We didn’t really need another King Kong movie 12 years after Peter Jackson gave us his bum-numbing three-hour epic. That featured some of the ropiest CGI and most stomach-churning scenes I’ve seen in a mainstream monster smackdown.
However, the makers of Godzilla have a plan: they revamp the classic old radiation-born lizard one year; wait a while; resurrect the king of all monsters movies and then team them up for the ultimate smack down.
But first we have Kong-Skull Island, the two-hour epic which sees SAS veteran Tom Hiddleston striking heroic poses: hands on hips in a tight tee shirt, showing where all that gym work went.
He’s teamed with a small army of US soldiers and assorted experts sent to the eponymous region to investigate mysterious goings on before enemy forces do.
Thrown into the mix is Weaver (Brie Larson), a likeable photojournalist and one of the few women in the entire movie; obsessed military man Samuel L Jackson; John Goodman, adding gravitas to the proceedings as one of the team who get the mission green-lit, and countless military and money types who may as well walk around with VICTIM stamped on their jackets.
The whole thing is brisk, snappy and feels like its edited in the dark with garden shears.
There’s barely a chance to build up any tension before another poor soul has met their fate at the claws or jaws of another monster predator.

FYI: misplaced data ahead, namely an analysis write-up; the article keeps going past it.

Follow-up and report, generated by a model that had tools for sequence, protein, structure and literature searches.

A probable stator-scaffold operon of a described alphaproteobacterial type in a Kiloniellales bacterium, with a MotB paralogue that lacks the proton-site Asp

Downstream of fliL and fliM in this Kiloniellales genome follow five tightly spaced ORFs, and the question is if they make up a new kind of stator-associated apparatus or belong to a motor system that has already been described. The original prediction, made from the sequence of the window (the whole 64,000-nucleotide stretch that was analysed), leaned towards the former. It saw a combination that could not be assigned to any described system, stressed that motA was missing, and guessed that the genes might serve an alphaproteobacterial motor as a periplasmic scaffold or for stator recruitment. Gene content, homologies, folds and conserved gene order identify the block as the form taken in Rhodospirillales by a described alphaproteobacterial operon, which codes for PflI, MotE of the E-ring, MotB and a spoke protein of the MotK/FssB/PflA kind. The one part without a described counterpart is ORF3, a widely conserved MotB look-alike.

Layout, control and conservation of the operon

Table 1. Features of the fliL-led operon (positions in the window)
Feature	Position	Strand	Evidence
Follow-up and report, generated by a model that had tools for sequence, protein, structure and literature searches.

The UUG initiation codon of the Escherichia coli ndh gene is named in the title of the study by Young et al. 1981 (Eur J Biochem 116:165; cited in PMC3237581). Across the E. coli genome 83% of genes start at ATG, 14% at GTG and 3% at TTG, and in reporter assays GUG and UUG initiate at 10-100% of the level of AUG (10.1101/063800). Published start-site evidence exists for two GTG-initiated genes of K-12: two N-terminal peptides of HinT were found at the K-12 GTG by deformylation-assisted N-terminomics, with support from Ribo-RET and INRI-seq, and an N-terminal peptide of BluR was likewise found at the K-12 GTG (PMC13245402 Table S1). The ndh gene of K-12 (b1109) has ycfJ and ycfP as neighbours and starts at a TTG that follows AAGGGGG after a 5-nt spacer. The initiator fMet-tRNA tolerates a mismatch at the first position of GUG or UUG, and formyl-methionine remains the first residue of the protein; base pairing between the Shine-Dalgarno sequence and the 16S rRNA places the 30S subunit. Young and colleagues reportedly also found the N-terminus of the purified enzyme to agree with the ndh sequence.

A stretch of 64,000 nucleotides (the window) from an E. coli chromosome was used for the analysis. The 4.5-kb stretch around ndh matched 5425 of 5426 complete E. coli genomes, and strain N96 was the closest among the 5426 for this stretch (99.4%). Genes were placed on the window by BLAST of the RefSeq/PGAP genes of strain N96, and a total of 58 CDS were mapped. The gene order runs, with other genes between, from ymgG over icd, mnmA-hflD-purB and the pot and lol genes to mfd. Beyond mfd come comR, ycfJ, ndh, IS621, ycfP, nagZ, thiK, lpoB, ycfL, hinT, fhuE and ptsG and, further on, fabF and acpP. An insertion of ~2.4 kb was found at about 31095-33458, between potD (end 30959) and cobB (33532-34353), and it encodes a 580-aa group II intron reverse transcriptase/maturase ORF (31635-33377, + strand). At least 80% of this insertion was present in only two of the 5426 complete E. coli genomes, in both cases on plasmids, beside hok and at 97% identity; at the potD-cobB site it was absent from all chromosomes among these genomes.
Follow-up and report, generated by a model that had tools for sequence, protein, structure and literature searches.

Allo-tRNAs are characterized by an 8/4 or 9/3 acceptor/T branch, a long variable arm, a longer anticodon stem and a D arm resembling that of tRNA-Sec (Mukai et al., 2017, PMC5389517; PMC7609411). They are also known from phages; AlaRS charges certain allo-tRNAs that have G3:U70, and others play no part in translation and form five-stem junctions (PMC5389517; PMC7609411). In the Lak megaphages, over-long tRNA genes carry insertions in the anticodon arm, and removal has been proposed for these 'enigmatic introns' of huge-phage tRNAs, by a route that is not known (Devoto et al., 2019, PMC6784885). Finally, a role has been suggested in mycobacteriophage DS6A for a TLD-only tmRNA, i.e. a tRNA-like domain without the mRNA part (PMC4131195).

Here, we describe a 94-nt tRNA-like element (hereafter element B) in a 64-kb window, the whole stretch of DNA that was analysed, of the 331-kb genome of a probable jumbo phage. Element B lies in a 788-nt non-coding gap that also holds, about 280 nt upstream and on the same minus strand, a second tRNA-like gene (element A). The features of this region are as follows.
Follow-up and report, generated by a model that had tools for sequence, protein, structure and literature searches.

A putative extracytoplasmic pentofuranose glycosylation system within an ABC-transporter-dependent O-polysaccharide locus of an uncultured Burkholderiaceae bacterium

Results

But let’s start at the beginning.
After a Second World War-set intro when two opposing soldiers face off on a rock on that isle of mystery, we are given another Godzilla-style intro featuring fast cuts before things jump to 1973 Vietnam and the assorted members of the mission are assembled.
We know what a couple of them do because the tools of their trade are shown in close up. Thankfully it’s a gimmick that isn’t pursued for long.
The influence of Apocalypse Now is so obvious in its scenes and some advertising that I’m amazed it wasn’t crowd funded by a Francis Ford Coppola fan club. But if you’re going to lift inspiration from somewhere, lift it from one of the best war movies ever made.
Following the Army’s squad of helicopters through an electrical storm, in which Sam Jackson spouts the sort of rousing dialogue probably polished by an uncredited Quentin Tarantino, we emerge in the Jurassic Park-style land that time forgot. Had a Doug McClure lookalike turned up with a U-boat full of extras as a homage to those creaky 1970s fantasy movies involving plastic dinosaurs, I would not have been surprised.
What KSI gets right is that roller coaster sense of fun. Yes, it’s nonsense, but those assorted films with prehistoric creatures and daring explorers has been the staple of books and cinema for centuries, and they’re not about to fall out of fashion any time soon.
While some of the dialogue is so-so, the creature effects are mostly terrific.
The nightmarish skull-headed lizards are gloriously creepy, and it’s hard not to feel for Kong every time he takes a bullet or a bite.
I’m glad Kong isn’t shipped off to the States for yet another New York-set finale. We’ve seen enough of those in previous incarnations, though arachnophobia sufferers be warned: one scene involving a giant spider is bound to give you nightmares.
Is it the best film of the year? No, but it is an engaging B-movie with a great cast and some wonderful action scenes.
I don’t emerge from the cinema feeling short changed, but I do wonder whether Godzilla vs King Kong will be a let down on a par with Batman vs Superman when it finally sees the light of day in a few years.
Well worth a look.